Last updated at 1:54 pm UTC on 11 December 1999
"The best way to predict the future is to invent it." – Alan Kay
[Photo: http://www.research.apple.com/people/features/kay.gif - link no longer works, new link?
The new link is http://ei.cs.vt.edu/~history/GASCH1.KAY..GIF
but if we make it a hyperlink, it becomes a picture–is there any way to quote a .GIF reference? (jla)]
This is a group of students who attended the Open Charter School in Los Angeles, CA. The Open School was our main research site while at Apple Computer. The kids in the photo are now about 12 or 13 years old and attending middle school somewhere in the LA area. –Kim Rose
Dr. Alan Kay is a renowned visionary, and pivotal researcher in modern computer science. He is best known for developing the idea of personal computing and the concept of the intimate laptop computer, the Dynabook, and inventing the now ubiquitous overlapping window interface that has made PCs easier to use. He also invented modern object-oriented programming. These ideas and innovations were triggered by his deep interest in education and children.
Before 1970, Kay was a member of the University of Utah ARPA research team that developed 3D graphics. As a member of the ARPA community, he also participated in the early design of the ARPANet, which became the Internet.
In 1970, Kay joined Xerox Corporation's Palo Alto Research Center: PARC. In the early '70s, he led one of several groups at Xerox PARC that together extended, merged, and developed his ideas and earlier work into modern workstations and the forerunners of the Macintosh, Smalltalk, EtherNet, laser printing, and network client-servers.
After 10 years at Xerox PARC, he was Atari's chief scientist for three years. Starting in 1984, Kay was a Fellow at Apple Computer, Inc., where he was one of a few select scientists with an independent charter to pursue radical ideas for Apple's future. He recently joined Walt Disney Imagineering as a Disney Fellow. Kay 's current interests continue to center on creating better learning environments for children and adults, especially to understand better ways to extend, capture, transmit and think about ideas via computer media.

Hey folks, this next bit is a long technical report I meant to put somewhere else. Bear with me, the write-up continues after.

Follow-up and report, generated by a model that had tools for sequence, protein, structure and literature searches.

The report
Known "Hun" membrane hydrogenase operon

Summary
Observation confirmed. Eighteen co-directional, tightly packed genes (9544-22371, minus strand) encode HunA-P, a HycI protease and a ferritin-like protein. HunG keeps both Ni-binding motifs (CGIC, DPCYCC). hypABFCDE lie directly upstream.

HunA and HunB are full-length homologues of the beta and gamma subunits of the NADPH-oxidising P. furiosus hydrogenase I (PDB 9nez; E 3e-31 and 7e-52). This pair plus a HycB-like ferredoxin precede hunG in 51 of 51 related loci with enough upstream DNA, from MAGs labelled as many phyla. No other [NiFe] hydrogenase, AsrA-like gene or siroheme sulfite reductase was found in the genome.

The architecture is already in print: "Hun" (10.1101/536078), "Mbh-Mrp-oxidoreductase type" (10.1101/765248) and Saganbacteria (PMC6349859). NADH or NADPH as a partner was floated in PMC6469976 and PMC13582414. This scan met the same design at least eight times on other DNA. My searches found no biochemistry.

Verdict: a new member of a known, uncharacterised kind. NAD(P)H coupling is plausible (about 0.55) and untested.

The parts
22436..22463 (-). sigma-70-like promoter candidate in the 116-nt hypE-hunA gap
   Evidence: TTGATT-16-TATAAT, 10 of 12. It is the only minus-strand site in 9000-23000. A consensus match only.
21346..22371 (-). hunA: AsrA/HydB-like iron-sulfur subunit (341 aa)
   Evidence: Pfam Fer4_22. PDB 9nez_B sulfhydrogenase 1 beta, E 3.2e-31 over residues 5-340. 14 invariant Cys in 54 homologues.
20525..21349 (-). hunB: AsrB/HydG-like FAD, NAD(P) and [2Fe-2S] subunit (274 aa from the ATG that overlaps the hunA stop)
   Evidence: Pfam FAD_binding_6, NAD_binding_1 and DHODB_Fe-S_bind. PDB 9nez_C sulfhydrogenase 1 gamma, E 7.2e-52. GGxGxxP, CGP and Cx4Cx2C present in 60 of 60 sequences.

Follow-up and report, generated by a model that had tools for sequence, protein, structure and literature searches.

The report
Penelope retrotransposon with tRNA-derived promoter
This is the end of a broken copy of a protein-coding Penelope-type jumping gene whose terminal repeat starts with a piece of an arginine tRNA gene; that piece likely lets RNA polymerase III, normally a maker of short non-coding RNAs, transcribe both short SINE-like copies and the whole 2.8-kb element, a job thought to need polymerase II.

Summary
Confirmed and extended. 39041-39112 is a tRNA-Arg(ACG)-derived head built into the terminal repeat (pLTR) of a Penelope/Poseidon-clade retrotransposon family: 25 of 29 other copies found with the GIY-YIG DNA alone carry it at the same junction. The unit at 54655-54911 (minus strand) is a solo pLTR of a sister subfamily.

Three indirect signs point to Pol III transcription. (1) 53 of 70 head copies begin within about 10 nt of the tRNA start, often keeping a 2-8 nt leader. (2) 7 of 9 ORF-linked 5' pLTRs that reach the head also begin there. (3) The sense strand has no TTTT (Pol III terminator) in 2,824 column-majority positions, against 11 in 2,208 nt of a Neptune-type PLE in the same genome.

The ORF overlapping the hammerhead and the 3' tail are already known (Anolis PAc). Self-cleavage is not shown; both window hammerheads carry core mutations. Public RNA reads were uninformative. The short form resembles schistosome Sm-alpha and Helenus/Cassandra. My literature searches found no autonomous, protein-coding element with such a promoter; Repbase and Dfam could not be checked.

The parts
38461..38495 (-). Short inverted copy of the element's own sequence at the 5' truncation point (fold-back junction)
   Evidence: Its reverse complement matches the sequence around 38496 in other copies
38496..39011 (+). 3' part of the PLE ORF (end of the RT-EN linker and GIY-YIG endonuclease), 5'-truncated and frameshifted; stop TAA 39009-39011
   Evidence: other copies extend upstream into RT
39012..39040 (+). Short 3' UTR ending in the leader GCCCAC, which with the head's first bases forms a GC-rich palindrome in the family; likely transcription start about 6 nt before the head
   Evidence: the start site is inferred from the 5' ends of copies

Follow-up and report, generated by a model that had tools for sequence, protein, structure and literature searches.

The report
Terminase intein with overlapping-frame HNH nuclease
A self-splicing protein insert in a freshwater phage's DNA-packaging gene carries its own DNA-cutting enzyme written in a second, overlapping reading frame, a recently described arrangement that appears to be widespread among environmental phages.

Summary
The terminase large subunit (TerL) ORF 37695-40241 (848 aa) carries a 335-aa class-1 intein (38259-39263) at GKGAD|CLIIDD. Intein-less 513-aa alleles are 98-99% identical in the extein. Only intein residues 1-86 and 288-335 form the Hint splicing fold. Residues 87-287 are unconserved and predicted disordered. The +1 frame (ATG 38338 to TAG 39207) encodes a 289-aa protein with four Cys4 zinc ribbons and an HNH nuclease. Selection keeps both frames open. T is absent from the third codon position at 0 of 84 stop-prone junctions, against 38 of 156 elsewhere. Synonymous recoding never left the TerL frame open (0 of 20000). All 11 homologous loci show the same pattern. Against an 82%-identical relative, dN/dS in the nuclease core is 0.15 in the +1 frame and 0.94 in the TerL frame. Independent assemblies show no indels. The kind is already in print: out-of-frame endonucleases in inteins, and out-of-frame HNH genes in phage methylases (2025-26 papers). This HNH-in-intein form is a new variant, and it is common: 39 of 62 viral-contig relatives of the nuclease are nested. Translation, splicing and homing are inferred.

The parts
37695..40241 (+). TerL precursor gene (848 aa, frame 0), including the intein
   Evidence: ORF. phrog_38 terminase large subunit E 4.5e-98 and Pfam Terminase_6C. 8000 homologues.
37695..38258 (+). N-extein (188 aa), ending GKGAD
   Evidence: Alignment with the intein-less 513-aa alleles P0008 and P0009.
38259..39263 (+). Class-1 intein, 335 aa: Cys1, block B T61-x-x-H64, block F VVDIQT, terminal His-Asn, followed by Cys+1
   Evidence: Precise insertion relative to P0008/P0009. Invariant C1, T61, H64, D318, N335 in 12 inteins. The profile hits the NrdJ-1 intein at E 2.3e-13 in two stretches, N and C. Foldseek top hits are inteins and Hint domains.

Dr. Kay holds M.S. and Ph.D. degrees in electrical engineering (computer sciences) from the University of Utah. His Ph.D. was awarded for the development of the first graphical object-oriented personal computer. He earned undergraduate degrees in mathematics and molecular biology from the University of Colorado. Kay is a Fellow of the American Academy of Arts and Sciences, the National Academy of Engineering, and the Royal Society of Arts. A former professional jazz guitarist, composer and theatrical designer, he is now an amateur classical pipe-organist.
Long bio: http://ei.cs.vt.edu/~history/GASCH.KAY.HTML
Links to other Alan Kay information:
(these last two seem to be gone...?)
(links 4 & 6 don't work - I'm not sure that #5 is correct...)
(Where did they go? ( jla How to set a morph's heading ))
I love him.